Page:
Making waves

The high temperature and pressure reaction space offered by microreactor technology is also being explored by Oliver Kappe at the University of Graz in Austria, an expert in such conditions thanks to his experience with microwave chemistry.2 ‘We got into the field of flow chemistry because microwave chemistry in batch was not scaleable,’ Kappe says.

On a small scale, using microwaves to heat sealed reaction flasks can give excellent results, slashing reaction times and improving yields. However, because microwaves only penetrate a short way into the flask, scaling-up these batch processes has proved difficult.

‘Much of our research over the last 10 years was devoted to the so-called “magic microwave effect”,’ Kappe explains. ‘The evidence that we and others gathered was that microwave chemistry is really exclusively about heat transfer - being able to rapidly heat something in a sealed environment. And if it’s just heat, then microreactor technology, where the heat transfer is rapid and you can run a pressurised system, is the ideal tool to mimic microwave chemistry at scale.’

In his research lab, Kappe exclusively uses conventionally heated microreactors, and says that he sees no benefit to using microwave heating at this scale. However, production-scale flow reactors like the kind that Hessel envisages, which use high temperatures and pressures combined with wider flow channels to avoid the need for numbering up, could be ideally suited to microwave heating, he says.

‘When you get to production scale, there is a very nice synergy between microwave and flow,’ Kappe says. ‘When you have a tube of 1-2cm or more, with conventional heating there is always the danger you overheat [your reaction mixture] from the outside and destroy something. With microwaves you heat from the inside, and if that is done with a very powerful microwave, then this makes sense again because the heat transfer is very efficient.’

Kappe is currently working with Clariant on just such a project. The Swiss speciality chemical company is developing an industrial-scale continuous flow microwave reactor to make reactions such as amidations more efficient. Generating an amide from a carboxylic acid and an amine has conventionally required the acid to first be activated by converting it into an acyl chloride or similar. But under high temperature microwave flow conditions, this activation step is no longer required, saving time, money and resources. ‘I think that very soon we will see something coming out where this idea is really implemented in industry,’ Kappe says.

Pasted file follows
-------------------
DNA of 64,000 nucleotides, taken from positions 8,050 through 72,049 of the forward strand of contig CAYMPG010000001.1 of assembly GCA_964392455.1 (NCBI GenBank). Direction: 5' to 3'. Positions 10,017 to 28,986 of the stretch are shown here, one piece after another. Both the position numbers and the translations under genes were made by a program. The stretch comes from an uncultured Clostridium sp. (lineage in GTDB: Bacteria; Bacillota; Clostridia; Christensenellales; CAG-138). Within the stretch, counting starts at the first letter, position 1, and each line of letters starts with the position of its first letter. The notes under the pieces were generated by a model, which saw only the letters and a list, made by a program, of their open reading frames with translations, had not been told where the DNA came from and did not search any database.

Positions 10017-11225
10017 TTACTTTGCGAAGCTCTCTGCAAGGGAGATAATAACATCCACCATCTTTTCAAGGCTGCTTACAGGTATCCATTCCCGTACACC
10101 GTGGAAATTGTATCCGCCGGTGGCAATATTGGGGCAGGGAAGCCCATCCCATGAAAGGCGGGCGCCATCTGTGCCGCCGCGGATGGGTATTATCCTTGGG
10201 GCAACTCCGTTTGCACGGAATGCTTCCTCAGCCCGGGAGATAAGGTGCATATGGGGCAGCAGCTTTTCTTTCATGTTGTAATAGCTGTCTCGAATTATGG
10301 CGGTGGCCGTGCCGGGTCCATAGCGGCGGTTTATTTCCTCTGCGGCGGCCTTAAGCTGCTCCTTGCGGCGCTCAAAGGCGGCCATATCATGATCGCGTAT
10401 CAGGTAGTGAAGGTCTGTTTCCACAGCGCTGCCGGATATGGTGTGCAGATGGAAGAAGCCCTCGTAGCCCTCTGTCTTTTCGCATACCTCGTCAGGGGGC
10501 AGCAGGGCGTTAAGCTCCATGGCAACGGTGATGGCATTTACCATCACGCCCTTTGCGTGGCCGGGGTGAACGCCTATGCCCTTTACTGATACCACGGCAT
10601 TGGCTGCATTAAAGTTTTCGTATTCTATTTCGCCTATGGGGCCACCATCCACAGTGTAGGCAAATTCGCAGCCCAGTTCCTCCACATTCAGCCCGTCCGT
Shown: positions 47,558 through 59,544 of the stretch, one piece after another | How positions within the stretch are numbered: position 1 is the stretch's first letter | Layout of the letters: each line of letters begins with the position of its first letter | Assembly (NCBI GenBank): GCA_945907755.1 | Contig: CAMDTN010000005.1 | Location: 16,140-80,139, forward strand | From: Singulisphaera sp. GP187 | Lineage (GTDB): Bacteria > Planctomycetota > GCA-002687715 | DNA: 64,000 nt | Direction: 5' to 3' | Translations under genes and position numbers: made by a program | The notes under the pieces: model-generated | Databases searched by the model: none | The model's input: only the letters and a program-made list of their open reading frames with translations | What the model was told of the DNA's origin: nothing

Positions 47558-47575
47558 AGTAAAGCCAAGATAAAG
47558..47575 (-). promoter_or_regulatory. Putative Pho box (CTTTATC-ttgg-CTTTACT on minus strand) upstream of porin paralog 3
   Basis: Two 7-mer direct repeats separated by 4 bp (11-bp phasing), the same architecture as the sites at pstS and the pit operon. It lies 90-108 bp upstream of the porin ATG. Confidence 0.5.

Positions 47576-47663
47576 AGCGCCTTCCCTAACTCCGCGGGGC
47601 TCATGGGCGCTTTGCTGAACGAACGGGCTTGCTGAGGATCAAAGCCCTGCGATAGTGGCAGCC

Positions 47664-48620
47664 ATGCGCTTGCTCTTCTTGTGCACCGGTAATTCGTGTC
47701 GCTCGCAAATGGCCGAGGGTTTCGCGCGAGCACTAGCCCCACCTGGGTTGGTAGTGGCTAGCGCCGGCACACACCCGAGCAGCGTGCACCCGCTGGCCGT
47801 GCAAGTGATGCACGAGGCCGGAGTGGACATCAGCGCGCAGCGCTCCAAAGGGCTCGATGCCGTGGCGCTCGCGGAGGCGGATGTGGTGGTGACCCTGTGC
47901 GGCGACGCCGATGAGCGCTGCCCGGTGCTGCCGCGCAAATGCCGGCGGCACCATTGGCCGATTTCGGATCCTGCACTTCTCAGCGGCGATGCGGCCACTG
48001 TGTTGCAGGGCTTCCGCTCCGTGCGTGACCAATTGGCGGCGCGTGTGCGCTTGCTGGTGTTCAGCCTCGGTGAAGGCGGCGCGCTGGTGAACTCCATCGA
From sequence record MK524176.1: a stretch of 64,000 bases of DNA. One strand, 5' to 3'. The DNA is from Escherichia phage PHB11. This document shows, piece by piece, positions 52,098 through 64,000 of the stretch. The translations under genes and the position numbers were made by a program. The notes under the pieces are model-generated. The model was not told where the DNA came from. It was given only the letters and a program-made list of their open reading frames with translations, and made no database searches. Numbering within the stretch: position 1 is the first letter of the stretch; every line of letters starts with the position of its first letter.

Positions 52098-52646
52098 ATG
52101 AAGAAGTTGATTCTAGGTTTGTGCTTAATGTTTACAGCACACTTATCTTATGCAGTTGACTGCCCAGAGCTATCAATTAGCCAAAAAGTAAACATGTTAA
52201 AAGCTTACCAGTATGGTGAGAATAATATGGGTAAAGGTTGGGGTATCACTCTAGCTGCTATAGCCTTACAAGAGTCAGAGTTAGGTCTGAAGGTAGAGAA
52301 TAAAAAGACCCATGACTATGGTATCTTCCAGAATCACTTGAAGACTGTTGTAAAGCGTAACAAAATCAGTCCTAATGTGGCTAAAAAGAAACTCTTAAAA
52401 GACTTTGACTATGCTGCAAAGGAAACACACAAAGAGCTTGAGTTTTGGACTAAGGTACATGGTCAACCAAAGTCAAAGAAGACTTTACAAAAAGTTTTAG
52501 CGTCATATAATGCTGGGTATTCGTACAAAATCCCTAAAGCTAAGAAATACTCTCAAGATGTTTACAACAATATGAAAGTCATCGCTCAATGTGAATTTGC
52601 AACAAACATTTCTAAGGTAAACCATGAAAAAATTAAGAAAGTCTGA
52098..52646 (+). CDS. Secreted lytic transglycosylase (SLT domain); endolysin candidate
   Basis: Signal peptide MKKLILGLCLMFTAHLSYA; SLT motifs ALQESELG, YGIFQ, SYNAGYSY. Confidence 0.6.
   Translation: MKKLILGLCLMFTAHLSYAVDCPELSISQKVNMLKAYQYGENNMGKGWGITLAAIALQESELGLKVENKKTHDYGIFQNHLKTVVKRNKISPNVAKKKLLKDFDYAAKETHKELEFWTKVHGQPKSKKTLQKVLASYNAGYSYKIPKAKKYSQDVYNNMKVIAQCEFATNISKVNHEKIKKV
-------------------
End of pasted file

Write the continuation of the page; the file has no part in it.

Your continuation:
Multi-step records

Aggressive reaction conditions aside, the other key development that could spur industry’s increased adoption of microreactor technology is the ability to link together multiple synthetic steps into a single, continuous, automated flow process. ‘It is absolutely essential that we can do multi-step flow synthesis,’ says Klavs Jensen, a chemical engineer specialising in microreactor technology at Massachusetts Institute of Technology (MIT) in Cambridge, US. ‘Chemists build molecules - to put together a pharmaceutical product you have to carry out multiple steps.’3

Ley agrees that establishing flow reactors as a useful tool for multi-step synthesis is an essential step in their uptake. Ley is particularly proud of his research group’s achievements in the area, especially his 2006 publications on the multi-step synthesis of natural products grossamide and oxomaritidine.4,5 ‘The oxomaritidine synthesis is still a world record, it’s a seven-step synthesis of a natural product done in flow, all done by connected and automated machinery,’ says Ley.